```
>>> plot(jfa[6],jfa[8],'b.')
```

### Action-angle coordinates using an orbit-integration-based approximation¶

The adiabatic and Staeckel approximations used above are good for
stars on close-to-circular orbits, but they break down for more
eccentric orbits (specifically, orbits for which the radial and/or
vertical action is of a similar magnitude as the angular
momentum). This is because the approximations made to the potential in
these methods (that it is separable in *R* and *z* for the adiabatic
approximation and that it is close to a Staeckel potential for the
Staeckel approximation) break down for such orbits. Unfortunately,
these methods cannot be refined to provide better approximations for
eccentric orbits.

galpy contains a new method for calculating actions, frequencies, and angles that is completely general for any static potential. It can calculate the actions to any desired precision for any orbit in such potentials. The method works by employing an auxiliary isochrone potential and calculates action-angle variables by arithmetic operations on the actions and angles calculated in the auxiliary potential along an orbit (integrated in the true potential). Full details can be found in Appendix A of Bovy (2014).

We setup this method for a logarithmic potential as follows

```
>>> from galpy.actionAngle import actionAngleIsochroneApprox
>>> from galpy.potential import LogarithmicHaloPotential
>>> lp= LogarithmicHaloPotential(normalize=1.,q=0.9)
>>> aAIA= actionAngleIsochroneApprox(pot=lp,b=0.8)
```

`b=0.8`

here sets the scale parameter of the auxiliary isochrone
potential; this potential can also be specified as an
IsochronePotential instance through `ip=`

). We can now calculate the
actions for an orbit similar to that of the GD-1 stream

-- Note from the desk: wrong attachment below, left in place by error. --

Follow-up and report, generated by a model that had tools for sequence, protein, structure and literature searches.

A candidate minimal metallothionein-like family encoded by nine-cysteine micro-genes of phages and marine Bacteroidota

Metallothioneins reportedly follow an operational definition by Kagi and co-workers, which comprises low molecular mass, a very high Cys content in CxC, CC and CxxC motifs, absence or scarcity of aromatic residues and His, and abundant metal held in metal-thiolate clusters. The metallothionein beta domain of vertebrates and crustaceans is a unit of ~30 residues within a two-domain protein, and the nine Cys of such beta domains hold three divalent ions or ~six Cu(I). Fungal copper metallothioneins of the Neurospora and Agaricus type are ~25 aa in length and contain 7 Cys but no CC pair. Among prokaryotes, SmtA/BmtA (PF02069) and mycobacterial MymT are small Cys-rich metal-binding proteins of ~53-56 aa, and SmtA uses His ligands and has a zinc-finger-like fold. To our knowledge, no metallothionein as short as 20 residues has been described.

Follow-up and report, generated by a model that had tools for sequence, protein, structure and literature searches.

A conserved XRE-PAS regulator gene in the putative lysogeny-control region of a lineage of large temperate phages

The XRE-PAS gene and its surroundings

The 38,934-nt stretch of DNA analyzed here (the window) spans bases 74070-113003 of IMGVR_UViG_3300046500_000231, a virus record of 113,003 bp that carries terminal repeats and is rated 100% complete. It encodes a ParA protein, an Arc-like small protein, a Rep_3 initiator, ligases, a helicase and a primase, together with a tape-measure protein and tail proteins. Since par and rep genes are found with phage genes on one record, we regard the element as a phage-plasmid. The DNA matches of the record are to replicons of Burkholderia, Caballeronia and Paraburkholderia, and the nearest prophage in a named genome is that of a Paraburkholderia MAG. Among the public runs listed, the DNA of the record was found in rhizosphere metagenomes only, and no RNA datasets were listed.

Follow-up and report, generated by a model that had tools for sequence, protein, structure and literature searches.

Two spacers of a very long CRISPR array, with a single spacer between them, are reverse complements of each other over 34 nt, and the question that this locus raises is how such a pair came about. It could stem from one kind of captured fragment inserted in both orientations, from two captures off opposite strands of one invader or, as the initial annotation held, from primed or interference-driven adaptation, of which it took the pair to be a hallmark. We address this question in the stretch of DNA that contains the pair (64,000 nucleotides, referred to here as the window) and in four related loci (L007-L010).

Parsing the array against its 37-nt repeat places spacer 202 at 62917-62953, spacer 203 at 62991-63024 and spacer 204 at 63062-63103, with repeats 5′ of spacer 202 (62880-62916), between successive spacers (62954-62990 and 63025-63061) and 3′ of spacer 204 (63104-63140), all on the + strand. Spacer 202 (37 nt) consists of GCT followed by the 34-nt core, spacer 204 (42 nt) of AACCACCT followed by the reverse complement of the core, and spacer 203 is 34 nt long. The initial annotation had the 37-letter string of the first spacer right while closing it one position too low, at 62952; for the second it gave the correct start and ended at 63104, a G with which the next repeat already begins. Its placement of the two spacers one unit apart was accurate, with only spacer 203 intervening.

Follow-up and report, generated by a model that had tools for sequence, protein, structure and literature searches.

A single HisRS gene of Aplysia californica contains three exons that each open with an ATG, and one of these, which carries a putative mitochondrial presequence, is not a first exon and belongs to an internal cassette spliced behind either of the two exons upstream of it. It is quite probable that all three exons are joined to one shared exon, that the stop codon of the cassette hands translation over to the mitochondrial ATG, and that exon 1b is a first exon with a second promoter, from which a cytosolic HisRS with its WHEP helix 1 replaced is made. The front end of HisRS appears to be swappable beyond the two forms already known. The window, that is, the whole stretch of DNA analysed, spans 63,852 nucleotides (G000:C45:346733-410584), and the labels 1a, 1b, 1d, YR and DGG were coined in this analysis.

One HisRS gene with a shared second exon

```
>>> obs= numpy.array([1.56148083,0.35081535,-1.15481504,0.88719443,-0.47713334,0.12019596]) #orbit similar to GD-1
>>> aAIA(*obs)
# (array([ 0.16605011]), array([-1.80322155]), array([ 0.50704439]))
```

An essential requirement of this method is that the angles calculated in the auxiliary potential go through the full range \([0,2\pi]\). If this is not the case, galpy will raise a warning

```
>>> aAIA= actionAngleIsochroneApprox(pot=lp,b=10.8)
>>> aAIA(*obs)
# galpyWarning: Full radial angle range not covered for at least one object; actions are likely not reliable
# (array([ 0.08985167]), array([-1.80322155]), array([ 0.50849276]))
```

Therefore, some care should be taken to choosing a good auxiliary
potential. galpy contains a method to estimate a decent scale
parameter for the auxiliary scale parameter, which works similar to
`estimateDeltaStaeckel`

above except that it also gives a minimum
and maximum b if multiple *R* and *z* are given

```
>>> from galpy.actionAngle import estimateBIsochrone
>>> from galpy.orbit import Orbit
>>> o= Orbit(obs)
>>> ts= numpy.linspace(0.,100.,1001)
>>> o.integrate(ts,lp)
>>> estimateBIsochrone(lp,o.R(ts),o.z(ts))
# (0.78065062339131952, 1.2265541473461612, 1.4899326335155412) #bmin,bmedian,bmax over the orbit
```

Experience shows that a scale parameter somewhere in the range returned by this function makes sure that the angles go through the full \([0,2\pi]\) range. However, even if the angles go through the full range, the closer the angles increase to linear, the better the converenge of the algorithm is (and especially, the more accurate the calculation of the frequencies and angles is, see below). For example, for the scale parameter at the upper and of the range

```
>>> aAIA= actionAngleIsochroneApprox(pot=lp,b=1.5)
>>> aAIA(*obs)
# (array([ 0.01120145]), array([-1.80322155]), array([ 0.50788893]))
```

which does not agree with the previous calculation. We can inspect how
the angles increase and how the actions converge by using the